[arch-general] Ye Olde Package Manager

C Anthony Risinger anthony at extof.me
Thu Jan 13 14:12:01 EST 2011

On Thu, Jan 13, 2011 at 12:31 AM, David C. Rankin
<drankinatty at suddenlinkmail.com> wrote:
> On 01/12/2011 10:51 PM, C Anthony Risinger wrote:
>> I want new thoughts about what the meaning of a package is ... and how
>> it can be better represented for derivation from it's integrals;
>> source code and user state.  the tarball has served us well for a long
>> time, but ... in the now-time of cheap encryption, distributed clouds,
>> parallel peers and ...
> So you want to talk calculus do you? Perhaps the method of strained time and
> strained coordinates would would give a better approximation? Poincare-Linstedt
> maybe?

ehm, it was more a play on words; but yeah, a package is a living
target, derived from and bound to higher order constraints.  they
don't need to be the static, rigid snapshots they currently are, but
it requires a different way of thinking about what a package is, and
the purpose it fulfills.

> Seriously, I've been very impressed with Arch packaging compared to rpm or deb.
> KISS has served Arch well.

oh sure it works well enough, else i probably wouldn't be here right
now having this conversation... but that doesn't mean there is
anything novel or even remotely interesting about pacman.  they all
suck equally IMO, but if your willing to part with the various
management features pacman drops and the complexities it adds to be
"KISS", then it can usually drag you where you want to be.

if you think a package's purpose is to simply add some files to your
system in a revocable way then you've missed the point; computers work
for us.  _i_ chose to install that package for a purpose; _i_ want the
computer to assume some initial state, any react to system events.
_i_ don't really give a !@#$ about files, how it accomplishes my
directive, or what the computer thinks it wants.

> The only thoughts I've had on the issue were with the
> gzipped package directory format of the repository indexes, but I don't see
> anything wrong with it. It works as well as it would in a flat file format or in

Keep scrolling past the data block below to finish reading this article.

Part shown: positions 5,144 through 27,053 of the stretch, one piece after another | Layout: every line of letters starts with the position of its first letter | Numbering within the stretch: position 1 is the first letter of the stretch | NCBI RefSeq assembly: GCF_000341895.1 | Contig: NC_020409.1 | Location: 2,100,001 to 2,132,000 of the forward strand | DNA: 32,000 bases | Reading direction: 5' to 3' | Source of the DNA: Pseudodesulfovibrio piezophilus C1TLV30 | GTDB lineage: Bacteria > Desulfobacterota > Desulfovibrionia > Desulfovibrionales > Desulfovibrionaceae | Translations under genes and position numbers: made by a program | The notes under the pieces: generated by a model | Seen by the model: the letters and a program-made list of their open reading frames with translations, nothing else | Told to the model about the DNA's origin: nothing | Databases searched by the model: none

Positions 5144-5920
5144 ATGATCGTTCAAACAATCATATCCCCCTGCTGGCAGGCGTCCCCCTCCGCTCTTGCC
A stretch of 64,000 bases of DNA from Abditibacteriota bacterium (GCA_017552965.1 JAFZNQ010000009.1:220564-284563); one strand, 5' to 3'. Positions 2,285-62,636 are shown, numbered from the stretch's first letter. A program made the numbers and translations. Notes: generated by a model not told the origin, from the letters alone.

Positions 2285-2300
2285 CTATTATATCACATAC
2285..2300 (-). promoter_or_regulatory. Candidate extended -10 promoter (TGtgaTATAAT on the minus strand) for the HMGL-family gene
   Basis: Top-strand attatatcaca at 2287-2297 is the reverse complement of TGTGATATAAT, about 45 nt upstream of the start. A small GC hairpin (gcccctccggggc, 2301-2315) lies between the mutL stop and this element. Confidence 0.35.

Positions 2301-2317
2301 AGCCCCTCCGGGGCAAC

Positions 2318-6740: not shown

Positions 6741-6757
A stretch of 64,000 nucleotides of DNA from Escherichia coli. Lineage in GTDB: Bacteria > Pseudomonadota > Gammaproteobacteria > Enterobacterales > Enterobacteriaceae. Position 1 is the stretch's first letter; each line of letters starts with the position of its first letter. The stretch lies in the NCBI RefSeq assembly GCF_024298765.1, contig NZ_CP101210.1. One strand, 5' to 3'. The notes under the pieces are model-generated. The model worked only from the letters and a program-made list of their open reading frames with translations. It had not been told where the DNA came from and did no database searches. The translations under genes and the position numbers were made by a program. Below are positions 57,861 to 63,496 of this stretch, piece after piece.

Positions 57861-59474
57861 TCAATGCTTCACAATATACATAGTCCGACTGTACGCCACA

> some record oriented db format. I'm sure there is a faster way to do it, but I
> haven't noticed any slowness with the current system.

it's less about speed, and more about creating a package structure
that's able to track the source it's derived from, merge with custom
"code sinks"/overlays, and integrate itself with the behavioral
requirements of the target system, as defined by the integrator/user.
it's about creating a structure that is at it's core cross-distro; a
structure with the plasticity to absorb modifications from many
sources, re-configure and trim itself as needed, and acquire the bits
it needs to assume the state asked of it.

> A package in any distro provides the necessary installables along with a way to
> check for conflicts and resolve dependencies. The current packages do that well.

sure, they do it well if, during each release iteration, every little
step has been perfectly spelled out for them by a human "packager",
you don't deviate from the "official" monolithic package pools, and
you never want to do anything interesting or custom.   like i said, a
bulk download + extraction is the part the manager performs ... ie.
brain dead ... the rest of the logic was hand crafted by humans.

> The only differences that I've seen with pacman vs. some of the others were in
> areas of handling or anticipating previously installed config or font files that
> cause rare install failures. But, I think the KISS vs. 'try to anticipate
> everything' argument ways in favor of not radically changing how pacman handles
> these issues -- unless there is just a wealth of unused resources laying around
> to experiment with.

it's not about anticipation of the future/infinity, but rather
guidance from the source, peer heuristics, and input from the
integrator.  technologies like systemd + augeas + git/DVCS + DBUS +
... + ... provide 99% of the tools/foundational ideas, they just need
to be combined in a intelligent way and applied to the problem of
state management.

> Great question. I'd also be interested in what other ideas there are about
> positive and realistic improvement can be made to the current system.

create DBUS bindings to pacman core.  impl the CLI/[GUI] interfaces on
top of common dynamic runtimes like python using those bindings.
leverage a revisioning system for package files instead of tarballs,
even if only locally.  store metadata in a non-relational engine like
couchdb (peer replicaition), or at least something like sqlite, for
sane access.

C Anthony

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